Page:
Esper Tokens is the hot deck right now. It made a finals appearance in both a Standard Magic Online Championship (the monthly season finals), and a Standard Grand Prix in Indianapolis. It’s a strong deck with few weaknesses, and the potential for explosive draws. Since it’s also appealing and fun to play, it’s sure to be popular. People do love their tokens, after all.
So it’s our job, this weekend, to beat Esper Tokens!
Unfortunately, it’s a task that’s a bit easier said than done. Like many decks in Standard, Esper Tokens has both aggressive elements and controlling elements. It has card advantage, and answers to just about everything.
Esper Tokens Test Deck
The first thing to understand is that the name “Esper Tokens” is a bit misleading. In reality, this is simply a WB deck with a few blue sideboard cards. (Splashing blue actually makes the mana better!) So don’t let the blue battlelands fool you. If you’ve confidently identified your opponent’s deck as Esper Tokens, then he or she will have few, if any, permission spells in the main deck.
Beating Esper Tokens will require overpowering them in a fair fight. They have a healthy mix of planeswalkers, creatures, removal, and utility spells. You won’t easily be able to shut down their game plan, so you’ll have to present something powerful of your own. Importantly, you’ll need to do so without leaving yourself vulnerable to their token swarm. In particular, you need to be prepared at all times for a large end-of-turn Secure the Wastes.
What to Do
- Be fast. Some of Esper Tokens’ heavy lifters include Painful Truths and its planeswalkers. If your deck is fast, you can punish the life loss and the tempo loss of Painful Truths. If you can establish a board presence quickly, you’ll make it difficult for them to protect their planeswalkers. Atarka Red and Abzan Aggro can accomplish this goal well.
- Go over the top. The alternative to being fast is to do something that trumps Esper Tokens. You can do it with a combo, like Rally the Ancestors, but the best single card for the job is Ugin, the Spirit Dragon. Eldrazi Green, for example, has a big advantage over Esper Tokens, at least before sideboarding. Note that it’s hard for a control deck to completely shut down the Tokens player, so grinding small advantages won’t work. However, if you make your game plan revolve around putting Ugin into play, you might have a bit more luck.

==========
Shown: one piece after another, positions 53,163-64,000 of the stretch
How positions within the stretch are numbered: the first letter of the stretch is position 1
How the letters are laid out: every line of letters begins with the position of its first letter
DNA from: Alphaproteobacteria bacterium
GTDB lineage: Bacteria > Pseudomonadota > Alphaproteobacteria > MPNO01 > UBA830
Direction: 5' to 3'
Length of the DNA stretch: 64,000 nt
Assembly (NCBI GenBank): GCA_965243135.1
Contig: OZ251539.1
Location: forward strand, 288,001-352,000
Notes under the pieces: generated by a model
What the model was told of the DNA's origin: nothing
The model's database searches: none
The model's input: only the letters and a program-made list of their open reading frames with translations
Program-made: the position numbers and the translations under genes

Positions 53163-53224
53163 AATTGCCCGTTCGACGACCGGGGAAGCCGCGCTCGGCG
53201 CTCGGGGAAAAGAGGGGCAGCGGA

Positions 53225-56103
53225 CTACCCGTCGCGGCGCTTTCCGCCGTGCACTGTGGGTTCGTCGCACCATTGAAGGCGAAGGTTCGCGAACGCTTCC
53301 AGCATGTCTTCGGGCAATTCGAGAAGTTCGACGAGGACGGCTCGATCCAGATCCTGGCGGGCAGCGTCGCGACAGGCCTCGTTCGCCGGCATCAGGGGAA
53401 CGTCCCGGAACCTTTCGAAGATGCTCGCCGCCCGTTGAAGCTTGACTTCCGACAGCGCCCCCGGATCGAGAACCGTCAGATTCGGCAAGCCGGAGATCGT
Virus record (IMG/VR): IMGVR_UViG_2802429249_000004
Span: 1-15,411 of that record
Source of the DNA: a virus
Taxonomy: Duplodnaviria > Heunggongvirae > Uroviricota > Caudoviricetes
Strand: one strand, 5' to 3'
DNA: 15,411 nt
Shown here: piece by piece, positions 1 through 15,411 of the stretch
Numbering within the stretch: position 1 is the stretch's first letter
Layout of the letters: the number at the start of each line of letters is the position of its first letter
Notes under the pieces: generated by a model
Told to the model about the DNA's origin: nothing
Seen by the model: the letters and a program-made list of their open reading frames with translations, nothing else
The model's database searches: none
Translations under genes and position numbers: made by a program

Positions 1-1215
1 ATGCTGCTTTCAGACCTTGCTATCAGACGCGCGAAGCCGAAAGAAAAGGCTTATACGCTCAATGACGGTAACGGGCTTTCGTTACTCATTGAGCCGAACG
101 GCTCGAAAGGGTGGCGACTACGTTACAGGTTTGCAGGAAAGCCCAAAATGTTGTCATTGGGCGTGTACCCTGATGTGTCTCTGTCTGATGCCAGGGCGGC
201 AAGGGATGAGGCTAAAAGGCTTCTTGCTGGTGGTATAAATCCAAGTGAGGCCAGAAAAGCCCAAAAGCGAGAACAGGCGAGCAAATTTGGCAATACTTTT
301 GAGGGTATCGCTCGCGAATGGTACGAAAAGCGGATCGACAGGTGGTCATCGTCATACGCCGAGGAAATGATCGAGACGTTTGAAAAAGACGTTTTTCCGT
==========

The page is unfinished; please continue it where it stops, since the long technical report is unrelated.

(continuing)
- Play with Negate. Over the lifespan of Standard, there have been good arguments for playing with Dispel, Disdainful Stroke, Clash of Wills, and Scatter to the Winds. Right now, if you want to have the best chance of beating Esper Tokens, just play a lot of Negates! It stops an incredibly large portion of their best weapons, and is the only reliable way to avoid getting buried by Painful Truths.
- Other good cards: Hallowed Moonlight, Silumgar, the Drifting Death, Virulent Plague, Duress.
What Not to Do
- If you’re going to play Dark Jeskai, make sure you have a plan. Dark Jeskai is the best deck in Standard, and is tailor-made for killing creatures and grinding 2-for-1 advantages. Tokens is the natural foil to such a strategy, and this is at the heart of Esper Tokens’s recent success. If you’re a Dark Jeskai player, I recommend stocking your sideboard with the cards mentioned above (notably Virulent Plague).
- Don’t fold to Wingmate Roc. Wingmate Roc is the midrange-creature-mirror breaker. In an even game, it’s nearly impossible to fight through a Wingmate Roc. If you’re behind when your opponent casts it, forget about it! Make sure you’re either very fast, very powerful, or have a clean answer to Wingmate Roc like Languish or Exert Influence.
- Don’t overthink Knight of the White Orchid. Knight of the White Orchid is a great card when its controller is on the draw—it’s a mediocre card otherwise. That said, if you hamstring yourself trying to play around it, then you’ll wind up making it good 100% of the time! Don’t choose to draw, and don’t skip land drops with your control deck. If you’re playing a deck that operates on a small number of lands, then by all means, use your judgment as to playing out extra lands. Play the game with Knight of the White Orchid in mind, but when in doubt, just play normally.
Esper Tokens is not a broken, unbeatable deck. However, it’s not a flash in the pan either. Right now, it’s reaching high levels of both success and popularity, but I believe that once people learn to play against it, and begin sideboarding the cards they need to beat it, it will settle in as being simply one of many playable decks in the format. There’s no reason to be scared of it, but this weekend, you should most definitely come prepared.